A final theme running through many of the debates, as well as the focus of some particular talks, is the issue of social mobility, or social immobility as one speaker termed it. Perhaps unusually, one of the discussions on this issue began with comments about redefining the issue, of the need to talk about social mobility alongside planning, design and transport with an understanding that how poverty is distributed around a city makes a real difference to the functioning of that city. All too often, the people with the least economic stability, living in the greatest poverty, are pushed to the edges of our cities, into peripheral estates, isolated from the wealth of the city. Our perceptions of cities and the way we feel about them are shaped by how we experience them. If our experience is one of isolation, exclusion and poverty, then our perception of the city is likely to be a negative one, where our desire is likely to be one of ‘escaping’ rather than staying. The focus soon shifted to the debate about barriers to social mobility not just being physical or economic, but also psychological, where ‘glass walls’ in people’s own heads stop them making progress. Marvin Rees made the point that to talk about social immobility means we have to talk about the people at the top as well as the people at the bottom, only then can we understand what the problem really is. Social mobility issues were discussed not as an accidental fallout of ‘the system’ but more as a manufactured, institutional part of a system that is needed to make it work, where there are the inevitable winners and losers, but where the starting position is anything but equal. The depressing conclusion to much this discussion was that the lack of social mobility in the UK is a problem that never goes away as the relationship between class and place hasn’t and won’t change, indeed if anything, it’s getting worse.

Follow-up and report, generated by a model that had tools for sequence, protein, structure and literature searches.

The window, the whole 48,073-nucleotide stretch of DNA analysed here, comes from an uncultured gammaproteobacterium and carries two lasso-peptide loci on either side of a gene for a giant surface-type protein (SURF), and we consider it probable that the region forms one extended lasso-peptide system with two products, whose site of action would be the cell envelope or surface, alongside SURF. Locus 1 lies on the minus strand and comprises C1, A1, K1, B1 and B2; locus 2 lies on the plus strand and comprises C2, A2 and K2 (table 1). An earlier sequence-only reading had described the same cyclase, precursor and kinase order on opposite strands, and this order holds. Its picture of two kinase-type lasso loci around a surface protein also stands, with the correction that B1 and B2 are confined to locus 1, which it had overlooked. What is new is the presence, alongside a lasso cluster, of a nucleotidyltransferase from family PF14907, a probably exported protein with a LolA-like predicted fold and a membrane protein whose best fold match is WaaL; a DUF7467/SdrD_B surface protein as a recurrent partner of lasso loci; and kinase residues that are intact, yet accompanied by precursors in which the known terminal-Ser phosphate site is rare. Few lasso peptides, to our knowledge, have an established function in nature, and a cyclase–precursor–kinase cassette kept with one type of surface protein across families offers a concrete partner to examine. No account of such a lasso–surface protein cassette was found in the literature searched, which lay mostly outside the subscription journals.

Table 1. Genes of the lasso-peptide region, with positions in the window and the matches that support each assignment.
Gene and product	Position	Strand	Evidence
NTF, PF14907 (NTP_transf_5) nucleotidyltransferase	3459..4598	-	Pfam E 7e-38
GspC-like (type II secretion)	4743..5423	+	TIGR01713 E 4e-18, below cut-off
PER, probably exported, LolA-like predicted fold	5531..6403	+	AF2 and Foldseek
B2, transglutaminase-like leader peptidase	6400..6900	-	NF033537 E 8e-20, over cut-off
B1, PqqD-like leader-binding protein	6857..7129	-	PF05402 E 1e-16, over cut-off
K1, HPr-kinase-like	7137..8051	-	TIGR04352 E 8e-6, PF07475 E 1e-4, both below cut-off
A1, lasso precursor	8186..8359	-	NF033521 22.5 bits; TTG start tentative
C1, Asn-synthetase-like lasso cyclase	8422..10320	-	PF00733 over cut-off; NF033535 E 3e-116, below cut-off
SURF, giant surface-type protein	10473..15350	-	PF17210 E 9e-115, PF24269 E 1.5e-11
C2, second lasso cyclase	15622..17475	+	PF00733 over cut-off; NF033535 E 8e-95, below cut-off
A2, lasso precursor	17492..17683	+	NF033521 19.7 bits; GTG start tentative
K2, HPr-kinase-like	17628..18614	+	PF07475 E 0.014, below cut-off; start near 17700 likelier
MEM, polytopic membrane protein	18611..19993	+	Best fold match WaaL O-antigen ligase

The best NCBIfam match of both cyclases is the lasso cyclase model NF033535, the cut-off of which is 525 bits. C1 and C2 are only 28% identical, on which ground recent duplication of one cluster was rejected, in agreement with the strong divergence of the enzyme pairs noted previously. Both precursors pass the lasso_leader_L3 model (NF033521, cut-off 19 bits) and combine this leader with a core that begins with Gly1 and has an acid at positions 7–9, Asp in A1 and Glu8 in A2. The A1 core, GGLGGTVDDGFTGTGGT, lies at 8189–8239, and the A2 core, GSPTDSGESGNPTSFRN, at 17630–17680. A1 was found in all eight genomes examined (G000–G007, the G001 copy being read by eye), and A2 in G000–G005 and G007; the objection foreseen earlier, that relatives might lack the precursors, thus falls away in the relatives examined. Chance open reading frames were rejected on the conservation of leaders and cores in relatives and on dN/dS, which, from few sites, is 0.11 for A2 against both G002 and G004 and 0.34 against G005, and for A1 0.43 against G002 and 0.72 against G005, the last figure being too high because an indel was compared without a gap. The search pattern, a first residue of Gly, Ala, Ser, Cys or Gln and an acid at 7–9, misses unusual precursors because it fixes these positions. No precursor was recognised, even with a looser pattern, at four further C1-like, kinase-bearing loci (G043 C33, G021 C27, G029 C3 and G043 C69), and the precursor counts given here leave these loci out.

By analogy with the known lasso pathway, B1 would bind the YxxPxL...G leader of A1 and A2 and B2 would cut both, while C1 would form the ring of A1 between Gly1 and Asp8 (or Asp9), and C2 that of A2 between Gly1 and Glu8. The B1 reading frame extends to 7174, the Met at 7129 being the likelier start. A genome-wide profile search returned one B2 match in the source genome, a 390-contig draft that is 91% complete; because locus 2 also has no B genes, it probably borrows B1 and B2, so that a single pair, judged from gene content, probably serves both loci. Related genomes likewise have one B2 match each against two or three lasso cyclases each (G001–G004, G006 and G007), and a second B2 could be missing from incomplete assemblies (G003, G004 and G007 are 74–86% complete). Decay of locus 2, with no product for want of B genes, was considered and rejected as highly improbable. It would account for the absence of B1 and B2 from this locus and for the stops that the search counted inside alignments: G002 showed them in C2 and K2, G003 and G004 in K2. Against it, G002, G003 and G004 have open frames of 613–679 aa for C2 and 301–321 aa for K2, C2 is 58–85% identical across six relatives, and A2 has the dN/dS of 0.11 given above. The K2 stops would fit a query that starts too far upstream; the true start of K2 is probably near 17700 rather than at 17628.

I thoroughly enjoyed the debates and discussions throughout the week that drew out the challenge and complexity of cities, which sought to provide linkages between and across issues and disciplines, looking to the future for solutions and ideas. The challenge is there to decision makers, policy makers and politicians to have the vision, creativity and bravery to grapple with the issues and develop big ideas and bold visions for the future of our cities.